Almost all pallet racks require forklifts or other heavy machinery. Operations looking to add new pallet racking systems should consider whether they have the equipment and labor to make the most of those additions. 

Increasing storage capacity with new racks is great, but if your team is still moving the same volume of inventory due to insufficient equipment support or a lack of licensed drivers, then what was the point?

For teams who have the manpower and equipment to enjoy the benefits of the new racking systems, the additional storage space can be a huge relief and can really help improve workflow.

How to Measure for Pallet Rack Reconfiguration

Now that we’ve gone over the types of pallet racking and important considerations, it’s time to bring out the measuring tape.

Beam Length and Height

Let’s start with the beam length and height. Before starting your measurements, determine how many pallets will rest on the rack. Will you store one, two or three pallets wide? What size of pallet will be stored on the rack? Are these the standard pallet rack size GMA 48” x 40” pallets or is it a different size? These are important questions.

First, measure the length between the upright beams. What is that measurement? Remember, it is not the overall length, but the length of the beam between the uprights. 

For example, let’s say the width between the upright beams is 96”. That means if you store two 40” x 48” pallets per pallet rack, a total of 80” of width is used by the two pallets, leaving 16”.

Building and fire codes require five inches of space between the upright and pallet along with another six inches between the two pallets. In other words, a 96” beam safely holds two standard pallets with the required spacing. While the beam may have the desired width, your measurements must consider the depth of the rack and pallet, too.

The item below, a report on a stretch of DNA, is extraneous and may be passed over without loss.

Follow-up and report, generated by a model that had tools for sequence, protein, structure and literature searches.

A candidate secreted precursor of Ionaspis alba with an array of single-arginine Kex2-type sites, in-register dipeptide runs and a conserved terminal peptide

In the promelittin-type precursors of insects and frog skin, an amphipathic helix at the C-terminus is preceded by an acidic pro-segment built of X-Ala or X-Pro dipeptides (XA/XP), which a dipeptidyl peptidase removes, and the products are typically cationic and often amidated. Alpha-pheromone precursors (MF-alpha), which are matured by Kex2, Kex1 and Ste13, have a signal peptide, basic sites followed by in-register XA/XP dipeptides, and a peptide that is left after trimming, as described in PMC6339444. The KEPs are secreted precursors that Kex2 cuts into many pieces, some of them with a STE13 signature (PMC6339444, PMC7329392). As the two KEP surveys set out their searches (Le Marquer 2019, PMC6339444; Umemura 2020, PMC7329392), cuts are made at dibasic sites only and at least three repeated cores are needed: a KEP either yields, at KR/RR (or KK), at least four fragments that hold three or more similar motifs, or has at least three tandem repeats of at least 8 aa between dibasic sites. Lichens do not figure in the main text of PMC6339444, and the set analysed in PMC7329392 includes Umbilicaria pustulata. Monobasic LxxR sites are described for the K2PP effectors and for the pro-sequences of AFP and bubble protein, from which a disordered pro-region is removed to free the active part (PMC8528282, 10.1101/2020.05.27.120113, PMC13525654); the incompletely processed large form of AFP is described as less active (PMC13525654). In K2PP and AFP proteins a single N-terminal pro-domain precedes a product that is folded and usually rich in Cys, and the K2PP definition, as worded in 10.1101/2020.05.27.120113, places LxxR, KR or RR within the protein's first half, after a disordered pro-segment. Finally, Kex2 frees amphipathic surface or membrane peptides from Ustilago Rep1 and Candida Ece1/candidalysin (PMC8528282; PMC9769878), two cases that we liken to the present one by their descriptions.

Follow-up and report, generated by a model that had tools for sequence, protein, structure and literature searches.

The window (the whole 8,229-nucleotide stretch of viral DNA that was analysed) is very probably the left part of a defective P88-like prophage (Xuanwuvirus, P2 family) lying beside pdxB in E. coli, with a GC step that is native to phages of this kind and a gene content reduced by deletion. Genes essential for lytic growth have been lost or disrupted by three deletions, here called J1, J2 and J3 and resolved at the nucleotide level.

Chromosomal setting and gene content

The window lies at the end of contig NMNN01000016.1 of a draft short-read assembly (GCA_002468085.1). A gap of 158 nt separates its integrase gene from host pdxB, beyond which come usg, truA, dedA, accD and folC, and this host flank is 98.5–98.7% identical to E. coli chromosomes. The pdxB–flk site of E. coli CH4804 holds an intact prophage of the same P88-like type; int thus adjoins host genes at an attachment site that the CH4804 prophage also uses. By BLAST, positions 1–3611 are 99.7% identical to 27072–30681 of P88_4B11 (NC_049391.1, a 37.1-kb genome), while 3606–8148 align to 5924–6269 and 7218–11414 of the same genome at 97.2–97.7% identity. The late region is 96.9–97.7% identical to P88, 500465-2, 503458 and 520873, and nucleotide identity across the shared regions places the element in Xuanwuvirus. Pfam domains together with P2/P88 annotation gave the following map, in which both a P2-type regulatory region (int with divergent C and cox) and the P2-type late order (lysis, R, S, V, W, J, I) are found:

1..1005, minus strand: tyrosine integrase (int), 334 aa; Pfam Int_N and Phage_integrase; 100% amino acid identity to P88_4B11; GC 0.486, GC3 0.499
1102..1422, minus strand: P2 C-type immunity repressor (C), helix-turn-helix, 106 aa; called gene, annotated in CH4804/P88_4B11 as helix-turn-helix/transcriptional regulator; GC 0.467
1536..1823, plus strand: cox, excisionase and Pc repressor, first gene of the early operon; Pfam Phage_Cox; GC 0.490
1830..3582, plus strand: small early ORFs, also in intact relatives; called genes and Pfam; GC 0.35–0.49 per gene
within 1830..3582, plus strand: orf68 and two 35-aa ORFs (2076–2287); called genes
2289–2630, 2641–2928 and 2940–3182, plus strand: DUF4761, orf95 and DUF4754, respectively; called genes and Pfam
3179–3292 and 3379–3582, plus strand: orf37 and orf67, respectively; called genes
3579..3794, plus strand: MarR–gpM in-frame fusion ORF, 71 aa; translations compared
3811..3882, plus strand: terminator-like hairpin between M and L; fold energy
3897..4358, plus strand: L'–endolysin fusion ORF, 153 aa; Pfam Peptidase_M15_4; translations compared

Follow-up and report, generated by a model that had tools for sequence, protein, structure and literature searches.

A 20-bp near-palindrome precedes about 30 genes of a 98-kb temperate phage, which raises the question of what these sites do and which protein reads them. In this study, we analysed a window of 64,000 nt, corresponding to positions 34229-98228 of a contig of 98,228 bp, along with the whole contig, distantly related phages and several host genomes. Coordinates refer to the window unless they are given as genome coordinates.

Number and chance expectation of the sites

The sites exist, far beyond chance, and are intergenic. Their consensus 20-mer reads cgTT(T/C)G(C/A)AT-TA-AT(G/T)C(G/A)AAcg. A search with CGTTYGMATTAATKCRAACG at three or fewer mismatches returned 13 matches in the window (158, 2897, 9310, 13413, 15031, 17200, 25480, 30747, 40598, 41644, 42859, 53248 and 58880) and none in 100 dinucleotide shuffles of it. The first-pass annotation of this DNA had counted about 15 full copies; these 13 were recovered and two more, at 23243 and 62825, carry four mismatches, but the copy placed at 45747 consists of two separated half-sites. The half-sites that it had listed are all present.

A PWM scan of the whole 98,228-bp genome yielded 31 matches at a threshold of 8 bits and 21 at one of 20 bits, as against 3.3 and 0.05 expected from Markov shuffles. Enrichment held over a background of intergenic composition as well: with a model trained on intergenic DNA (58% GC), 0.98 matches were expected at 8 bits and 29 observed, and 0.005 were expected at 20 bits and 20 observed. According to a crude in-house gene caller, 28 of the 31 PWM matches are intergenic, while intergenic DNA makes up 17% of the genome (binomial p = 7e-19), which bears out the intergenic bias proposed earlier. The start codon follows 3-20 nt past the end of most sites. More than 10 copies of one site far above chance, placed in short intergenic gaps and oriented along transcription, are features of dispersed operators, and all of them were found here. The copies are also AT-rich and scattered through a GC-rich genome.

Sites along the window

Calculating Rack Depth

Rack depth measuring requires consideration of pallet depth. Pallets should have overhang on the rack in front and in the back of the rack. Three inches is typical. Therefore, measure the distance from the front of the rack to the rear. 

Racks storing the standard pallet rack size pallet (40″ x 48″) should have a depth of 42-inches. This provides the necessary three inches on both ends to allow for easy access by a forklift. Ease of forklift access should also determine height measurements.

Maximizing a pallet load is desirable. However, a pallet with product stacked snuggly in the rack presents problems for forklifts attempting to load and unload. This is why the rule of thumb takes into consideration the height of the pallet plus the load and adding an additional four to six inches to the height so there is enough clearance between the pallet load and the beam above — the rack’s next level.

Measuring Helps Determine Load

However, measuring the beam face also provides information on the [static] weight capacity for each level. In the example above, the length of the beam was 96”. Now, measure the beam face from the beam’s top to its bottom. This number, combined with the length, provides the load capacity range. Next, determine the beam’s gauge. It may be 14, 16 or another gauge. This information will provide you with a close approximation of static capacity per level.

It’s important to get your measurements correct for pallet racking (pictured). It’s the key to efficient and optimal storage.

Knowing these basic measurements will help you plan when it’s time to add new or reconfigure existing pallet racks. There are other items to consider such as the number of levels on the rack, the product to be stored and more.

Configure Pallet Rack For Your Warehouse

Knowing the basics of how to select and configure pallet racking systems for your warehouse can be the difference between completing your project on time, or facing costly labor disruptions that cause your customers to lose trust in your reliability. 

Follow the advice in this guide and you’ll be enjoying the benefits of a perfectly designed system that is configured for the unique needs of your team.

If you’re looking for personalized storage solutions, we’ve got you covered. At East Coast Storage Equipment, we provide customized equipment plans that maximize space and efficiency in your warehouse. Contact us to see how we can help.